Connecting state and local government leaders
STATE AND LOCAL ROUNDUP | Utah lawmaker hopes the state will ratify the ERA … Tennessee lawmaker questions oversight at juvenile correction facility … Legislation to mandate pledge of allegiance in Arizona.
New Mexico state government needs to fill hundreds of vacant positions, so Gov. Michelle Lujan Grisham announced that her administration will hold a four-day job fair that aims to rapidly hire as many people as possible. From December 11-14, nearly all state agencies will convene at an exposition center to do on-site job interviews and make same-day job offers. The vacancy rate in state government has hovered around 22%. Since Lujan Grisham took office in January, she made it a priority to fill more jobs. The vacancy rate in some areas of government is even higher, with 25% of correctional officer positions sitting unfilled and 42% of positions in the state’s revenue-processing division. Connie Derr, the executive director for AFSCME Council 18, a union that represents employees in 14 state departments, said that low staffing levels are forcing some employees to work double or triple shifts. “Certainly, with corrections and human services there has been tremendous burnout. They’ve had a lot of mandated overtime,” she said. State Personnel Director Pamela Coleman said that Lujan Grisham is trying to create a culture change where employees feel more valued. “When you have a leader who says your work matters, we’re here to help—that makes a difference to people in state government … This is more than a job fair. The governor’s goal is for this to be a come-get-hired fair,” she said. The positions available include probation officers, social workers, fish and game wardens, computer specialists, and attorneys. Job seekers can apply for two jobs per day, and can also interview remotely via video chat. Nora Meyers Sackett, the governor’s spokeswoman, said that there is no target goal for hires, but the governor hopes that fast-track hiring will entice applicants. “We’re really trying to fill as many vacancies as we can,” she said. [KRQE; Albuquerque Journal]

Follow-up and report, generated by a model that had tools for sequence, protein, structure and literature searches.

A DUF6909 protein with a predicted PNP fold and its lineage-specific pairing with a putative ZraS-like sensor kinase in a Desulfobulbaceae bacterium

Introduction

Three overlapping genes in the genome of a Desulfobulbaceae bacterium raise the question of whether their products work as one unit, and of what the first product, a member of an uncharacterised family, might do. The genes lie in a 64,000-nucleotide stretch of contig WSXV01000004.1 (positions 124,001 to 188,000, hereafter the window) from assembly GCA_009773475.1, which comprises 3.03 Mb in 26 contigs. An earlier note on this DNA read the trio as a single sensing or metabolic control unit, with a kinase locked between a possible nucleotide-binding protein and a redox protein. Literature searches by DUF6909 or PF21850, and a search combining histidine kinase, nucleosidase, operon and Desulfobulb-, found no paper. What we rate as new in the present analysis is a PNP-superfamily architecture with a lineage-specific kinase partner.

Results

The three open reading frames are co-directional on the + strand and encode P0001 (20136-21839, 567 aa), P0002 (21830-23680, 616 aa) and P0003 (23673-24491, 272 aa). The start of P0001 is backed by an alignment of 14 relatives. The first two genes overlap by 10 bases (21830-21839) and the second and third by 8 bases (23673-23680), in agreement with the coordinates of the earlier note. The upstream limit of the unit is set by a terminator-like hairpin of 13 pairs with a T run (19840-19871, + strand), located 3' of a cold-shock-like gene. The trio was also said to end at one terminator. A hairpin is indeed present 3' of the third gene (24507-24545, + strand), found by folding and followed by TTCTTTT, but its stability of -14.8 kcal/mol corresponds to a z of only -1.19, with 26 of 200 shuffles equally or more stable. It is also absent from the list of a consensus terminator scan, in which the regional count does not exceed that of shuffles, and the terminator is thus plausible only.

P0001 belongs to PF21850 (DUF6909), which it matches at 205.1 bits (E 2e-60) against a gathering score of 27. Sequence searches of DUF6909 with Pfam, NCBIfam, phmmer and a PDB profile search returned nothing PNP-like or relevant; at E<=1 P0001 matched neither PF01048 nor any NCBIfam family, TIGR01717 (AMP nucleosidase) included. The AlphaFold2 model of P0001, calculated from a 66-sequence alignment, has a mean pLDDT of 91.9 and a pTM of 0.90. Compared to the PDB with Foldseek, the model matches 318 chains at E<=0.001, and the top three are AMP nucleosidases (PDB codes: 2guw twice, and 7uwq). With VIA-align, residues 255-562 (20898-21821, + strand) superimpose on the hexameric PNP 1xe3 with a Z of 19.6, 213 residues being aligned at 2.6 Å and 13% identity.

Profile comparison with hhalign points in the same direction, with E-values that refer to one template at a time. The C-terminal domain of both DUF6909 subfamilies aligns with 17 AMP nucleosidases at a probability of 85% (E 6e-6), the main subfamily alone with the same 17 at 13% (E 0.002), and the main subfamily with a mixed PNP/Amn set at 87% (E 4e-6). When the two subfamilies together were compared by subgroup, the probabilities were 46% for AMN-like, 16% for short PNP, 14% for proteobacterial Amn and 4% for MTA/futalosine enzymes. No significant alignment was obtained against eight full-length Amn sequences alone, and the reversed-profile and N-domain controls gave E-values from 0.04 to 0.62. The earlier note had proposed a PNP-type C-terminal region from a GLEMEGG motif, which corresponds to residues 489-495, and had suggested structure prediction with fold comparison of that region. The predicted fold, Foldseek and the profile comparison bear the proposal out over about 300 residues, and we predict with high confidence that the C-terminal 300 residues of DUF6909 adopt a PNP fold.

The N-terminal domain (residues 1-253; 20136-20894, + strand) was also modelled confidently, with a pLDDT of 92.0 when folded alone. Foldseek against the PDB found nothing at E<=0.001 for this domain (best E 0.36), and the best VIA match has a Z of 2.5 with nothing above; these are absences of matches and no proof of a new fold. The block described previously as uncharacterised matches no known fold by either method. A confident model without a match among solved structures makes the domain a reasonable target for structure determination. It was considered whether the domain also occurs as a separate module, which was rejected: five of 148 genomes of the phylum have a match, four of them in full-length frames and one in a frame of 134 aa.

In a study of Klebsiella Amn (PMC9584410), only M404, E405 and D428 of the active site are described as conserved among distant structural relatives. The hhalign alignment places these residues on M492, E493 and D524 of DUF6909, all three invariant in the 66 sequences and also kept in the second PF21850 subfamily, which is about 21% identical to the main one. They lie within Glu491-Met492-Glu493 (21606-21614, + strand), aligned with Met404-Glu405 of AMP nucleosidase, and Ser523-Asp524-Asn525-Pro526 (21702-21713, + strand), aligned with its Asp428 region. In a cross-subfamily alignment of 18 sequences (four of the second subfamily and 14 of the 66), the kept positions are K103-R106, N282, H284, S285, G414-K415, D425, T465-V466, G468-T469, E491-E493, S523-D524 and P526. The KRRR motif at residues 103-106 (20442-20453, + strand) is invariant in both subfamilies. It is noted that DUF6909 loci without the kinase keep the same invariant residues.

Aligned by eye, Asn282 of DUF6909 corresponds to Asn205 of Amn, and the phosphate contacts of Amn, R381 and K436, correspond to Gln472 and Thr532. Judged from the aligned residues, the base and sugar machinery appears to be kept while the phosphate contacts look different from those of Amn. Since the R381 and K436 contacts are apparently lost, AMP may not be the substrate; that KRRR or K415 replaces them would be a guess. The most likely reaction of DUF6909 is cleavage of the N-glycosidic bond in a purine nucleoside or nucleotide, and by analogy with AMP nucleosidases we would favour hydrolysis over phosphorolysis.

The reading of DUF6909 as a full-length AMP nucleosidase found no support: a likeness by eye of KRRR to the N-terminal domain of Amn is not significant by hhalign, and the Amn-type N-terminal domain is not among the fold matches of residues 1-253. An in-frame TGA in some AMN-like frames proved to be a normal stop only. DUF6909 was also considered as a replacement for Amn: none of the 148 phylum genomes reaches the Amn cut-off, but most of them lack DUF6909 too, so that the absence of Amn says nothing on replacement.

EQUAL RIGHTS AMENDMENT | To date, 37 states have ratified the Equal Rights Amendment, which now needs only one more state legislature to approve it in order to be added to the Constitution. Utah Rep. Karen Kwan, a Democrat, is introducing a measure that, if it passes, would make the state the final one needed to recognize women as a protected class. "I think that we have an opportunity to change the national narrative about how Utah respects women and our unique long history and equal political rights," Kwan said. The movement to ratify the ERA failed 40 years ago in the state due to opposition led by the Church of Jesus Christ of Latter-day Saints, which reaffirmed its stance against the ERA this week. In an op-ed written by the editorial board of the Deseret News, a publication owned by the church, the group said that “there’s no question Utah and America should uphold and protect women’s rights, but that does not mean ratifying the Equal Rights Amendment, which has raised concerns even among avowed feminists.” Sara Vranes, a Utah leader of Mormons for ERA, said that the news was disappointing. “I think we would do a lot of good if we have equality specifically stated for both men and women,” she said. [KUER; Salt Lake Tribune; KUTV]